• surfaxe-parse-structures: Collects the structures' metadata into a json file and optionally performs bond analysis as in surfaxe-bonds.


  • surfaxe-bonds: Parses the structure, looking for bonds between specified atoms.
  • surfaxe-simplenn: Predicts the coordination environment of atoms for simple structures.
  • surfaxe-complexnn: Predcts the coordination environment of atoms in more complex structures where the default prediction algorithm fails.
  • surfaxe-potential: Calculates the planar potential of the slab along c-axis, the gradient of the planar potential and optionally macroscopic potential.
  • surfaxe-surface-dipole: Returns the surface dipole needed for macroscopic ionisation potential calculation
  • surfaxe-cartdisp: Calculates the Cartesian displacements of atoms during relaxation from intial and final structures.


  • surfaxe-plot-surfen and surfaxe-plot-enatom: Plot the surface energy and energy per atom based on data from surfaxe-parsefols with individual customisability
  • surfaxe-plot-bonds: Plots the bond distance with respect to fractional coordinate, based on surfaxe-bonds
  • surfaxe-plot-potential: Plots the planar (and macroscopic) potential based on data already analysed with surfaxe-potential


  • surfaxe-core: Collects the core energy level from the middle of a surface slab, based on supplied bulk core atom and the list of its nearest neighbours.
  • surfaxe-vacuum: Collects the vacuum potential level from a VASP LOCPOT file.

Pymatgen issues warnings whenever the hash in a VASP POTCAR present does not match the one in their library. Only one warning of the same type will be issued by default. All warnings can be suppressed completely by adding the following to your script:

import warnings

Development notes

Bugs, features and questions

Please use the Issue Tracker to report bugs or request features in the first instance.

Contributions to interface with this package are most welcome. Please use the "Fork and Pull" workflow to make contributions and stick as closely as possible to the following:

  • Code style should comply with PEP8 where possible. Google's house style is also helpful, including a good model for docstrings.
  • Please use comments liberally!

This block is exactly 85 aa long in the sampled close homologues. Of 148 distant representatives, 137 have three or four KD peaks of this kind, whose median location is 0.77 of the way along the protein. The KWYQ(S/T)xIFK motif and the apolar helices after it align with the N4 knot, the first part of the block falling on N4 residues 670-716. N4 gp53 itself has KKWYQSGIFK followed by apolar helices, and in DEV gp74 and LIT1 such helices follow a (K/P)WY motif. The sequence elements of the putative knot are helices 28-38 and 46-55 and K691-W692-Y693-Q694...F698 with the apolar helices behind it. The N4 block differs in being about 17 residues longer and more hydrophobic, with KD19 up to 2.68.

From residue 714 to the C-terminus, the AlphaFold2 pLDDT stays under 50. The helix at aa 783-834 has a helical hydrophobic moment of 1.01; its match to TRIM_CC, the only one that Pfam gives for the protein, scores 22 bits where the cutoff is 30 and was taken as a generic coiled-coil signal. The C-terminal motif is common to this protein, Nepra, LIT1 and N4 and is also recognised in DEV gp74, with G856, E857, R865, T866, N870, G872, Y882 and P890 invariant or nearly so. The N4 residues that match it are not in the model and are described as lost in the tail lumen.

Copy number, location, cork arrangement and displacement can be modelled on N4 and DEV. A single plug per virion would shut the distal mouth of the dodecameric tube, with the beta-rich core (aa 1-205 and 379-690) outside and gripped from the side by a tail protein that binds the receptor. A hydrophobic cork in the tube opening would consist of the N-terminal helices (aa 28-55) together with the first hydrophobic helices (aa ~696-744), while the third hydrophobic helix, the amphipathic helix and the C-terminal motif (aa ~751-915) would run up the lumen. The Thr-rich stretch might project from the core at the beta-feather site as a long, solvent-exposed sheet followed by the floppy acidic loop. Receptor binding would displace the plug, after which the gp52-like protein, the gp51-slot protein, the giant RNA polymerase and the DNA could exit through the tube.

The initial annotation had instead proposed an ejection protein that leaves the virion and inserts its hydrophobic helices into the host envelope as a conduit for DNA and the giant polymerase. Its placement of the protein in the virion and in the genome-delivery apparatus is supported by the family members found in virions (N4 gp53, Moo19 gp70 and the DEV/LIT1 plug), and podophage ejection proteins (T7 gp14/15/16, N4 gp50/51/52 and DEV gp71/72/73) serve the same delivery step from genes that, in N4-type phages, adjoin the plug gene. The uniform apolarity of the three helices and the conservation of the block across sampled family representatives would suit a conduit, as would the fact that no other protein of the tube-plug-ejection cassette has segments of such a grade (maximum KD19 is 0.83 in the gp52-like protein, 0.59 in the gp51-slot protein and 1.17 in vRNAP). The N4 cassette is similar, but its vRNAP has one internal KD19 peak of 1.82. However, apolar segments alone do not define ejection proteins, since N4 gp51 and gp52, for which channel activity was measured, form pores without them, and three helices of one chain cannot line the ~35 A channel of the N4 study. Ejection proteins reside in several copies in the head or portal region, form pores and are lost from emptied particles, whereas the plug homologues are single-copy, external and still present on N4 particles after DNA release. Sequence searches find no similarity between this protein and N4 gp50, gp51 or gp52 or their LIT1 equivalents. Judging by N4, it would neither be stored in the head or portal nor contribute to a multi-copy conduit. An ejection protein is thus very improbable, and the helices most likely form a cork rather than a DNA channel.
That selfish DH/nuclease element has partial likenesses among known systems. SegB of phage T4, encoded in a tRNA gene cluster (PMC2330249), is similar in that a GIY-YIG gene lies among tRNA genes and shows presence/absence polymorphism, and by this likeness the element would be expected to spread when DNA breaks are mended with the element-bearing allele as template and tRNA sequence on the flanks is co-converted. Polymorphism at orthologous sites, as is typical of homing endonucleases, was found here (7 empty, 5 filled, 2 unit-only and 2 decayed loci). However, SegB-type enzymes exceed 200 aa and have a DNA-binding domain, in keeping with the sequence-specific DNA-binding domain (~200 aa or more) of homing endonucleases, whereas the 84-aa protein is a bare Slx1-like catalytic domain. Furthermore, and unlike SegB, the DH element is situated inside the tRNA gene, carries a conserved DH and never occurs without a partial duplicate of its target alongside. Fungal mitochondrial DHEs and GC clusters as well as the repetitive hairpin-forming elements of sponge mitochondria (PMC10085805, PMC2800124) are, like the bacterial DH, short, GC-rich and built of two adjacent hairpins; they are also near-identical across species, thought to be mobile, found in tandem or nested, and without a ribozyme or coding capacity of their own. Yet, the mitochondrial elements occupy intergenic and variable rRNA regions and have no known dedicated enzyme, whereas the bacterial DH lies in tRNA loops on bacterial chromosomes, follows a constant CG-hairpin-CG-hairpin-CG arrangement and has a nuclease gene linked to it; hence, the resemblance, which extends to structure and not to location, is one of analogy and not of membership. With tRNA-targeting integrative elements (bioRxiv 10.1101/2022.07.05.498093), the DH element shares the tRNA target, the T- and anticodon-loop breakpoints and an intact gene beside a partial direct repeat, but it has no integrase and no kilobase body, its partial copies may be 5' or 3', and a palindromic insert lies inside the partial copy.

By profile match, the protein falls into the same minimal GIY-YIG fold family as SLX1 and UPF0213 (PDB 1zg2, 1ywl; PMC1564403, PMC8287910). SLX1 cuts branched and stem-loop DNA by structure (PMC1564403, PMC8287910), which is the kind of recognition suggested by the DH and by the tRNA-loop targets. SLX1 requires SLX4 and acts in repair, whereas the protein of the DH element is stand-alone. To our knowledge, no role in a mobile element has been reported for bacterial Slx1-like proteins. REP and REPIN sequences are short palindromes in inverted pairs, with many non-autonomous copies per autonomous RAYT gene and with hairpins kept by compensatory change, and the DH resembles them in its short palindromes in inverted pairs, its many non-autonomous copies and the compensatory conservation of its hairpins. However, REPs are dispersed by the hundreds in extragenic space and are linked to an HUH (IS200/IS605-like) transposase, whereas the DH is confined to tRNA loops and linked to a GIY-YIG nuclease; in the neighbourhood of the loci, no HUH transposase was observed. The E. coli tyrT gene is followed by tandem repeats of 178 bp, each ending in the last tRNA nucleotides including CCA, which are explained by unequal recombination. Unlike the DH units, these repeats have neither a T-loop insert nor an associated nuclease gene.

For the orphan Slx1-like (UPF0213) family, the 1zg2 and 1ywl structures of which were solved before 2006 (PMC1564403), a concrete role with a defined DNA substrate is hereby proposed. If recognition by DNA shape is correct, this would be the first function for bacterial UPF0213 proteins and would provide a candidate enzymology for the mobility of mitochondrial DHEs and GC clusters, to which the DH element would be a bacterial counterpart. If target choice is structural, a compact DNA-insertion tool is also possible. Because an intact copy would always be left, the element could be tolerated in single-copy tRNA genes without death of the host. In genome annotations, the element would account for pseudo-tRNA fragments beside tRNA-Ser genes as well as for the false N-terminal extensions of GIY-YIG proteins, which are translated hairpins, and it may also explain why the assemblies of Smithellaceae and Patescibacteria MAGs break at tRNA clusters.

• Add tests wherever possible, and use the test suite to check if everything still works.


Unit tests are in the tests directory and can be run from the top directory using pytest. Please run these tests whenever submitting bug fix pull requests and include new tests for new features as appropriate.

We also use CI build and testing using GitHub Actions.

License and how to cite

Surfaxe is free to use under the MIT License. If you use it in your research, please cite

K. Brlec, D. W. Davies and D. O. Scanlon, Surfaxe: Systematic surface calculations. Journal of Open Source Software, 6(61), 3171, (2021) DOI: 10.21105/joss.03171


Surfaxe relies primarily on Pymatgen for manipulating crystal structures and interfacing with the DFT codes.

Detailed requirements

Surfaxe is compatible with python 3.7+ and requires the following packages:


List of contributors:

  • Katarina Brlec (@brlec)
  • Daniel Davies (@dandavies99)
  • David Scanlon (@scanlond)


  • Surfaxe has benefited from useful discussions with Adam Jackson (@ajjackson), Seán Kavanagh (@kavanase), Graeme Watson (@wantsong), Luisa Herring-Rodriguez (@zccalgh), Christopher Savory (@cnsavory), Bonan Zhu (@zhubonan) and Maud Einhorn (@maudeinhorn).
  • Thanks to Keith Butler (@keeeto) for providing a starting point and validation examples for calculating the planar average electrostatic potential via the macrodensity package.
  • We thank @eihernan, @pzarabadip and @danielskatz for taking the time to review the code and offering valuable suggestions for improvements.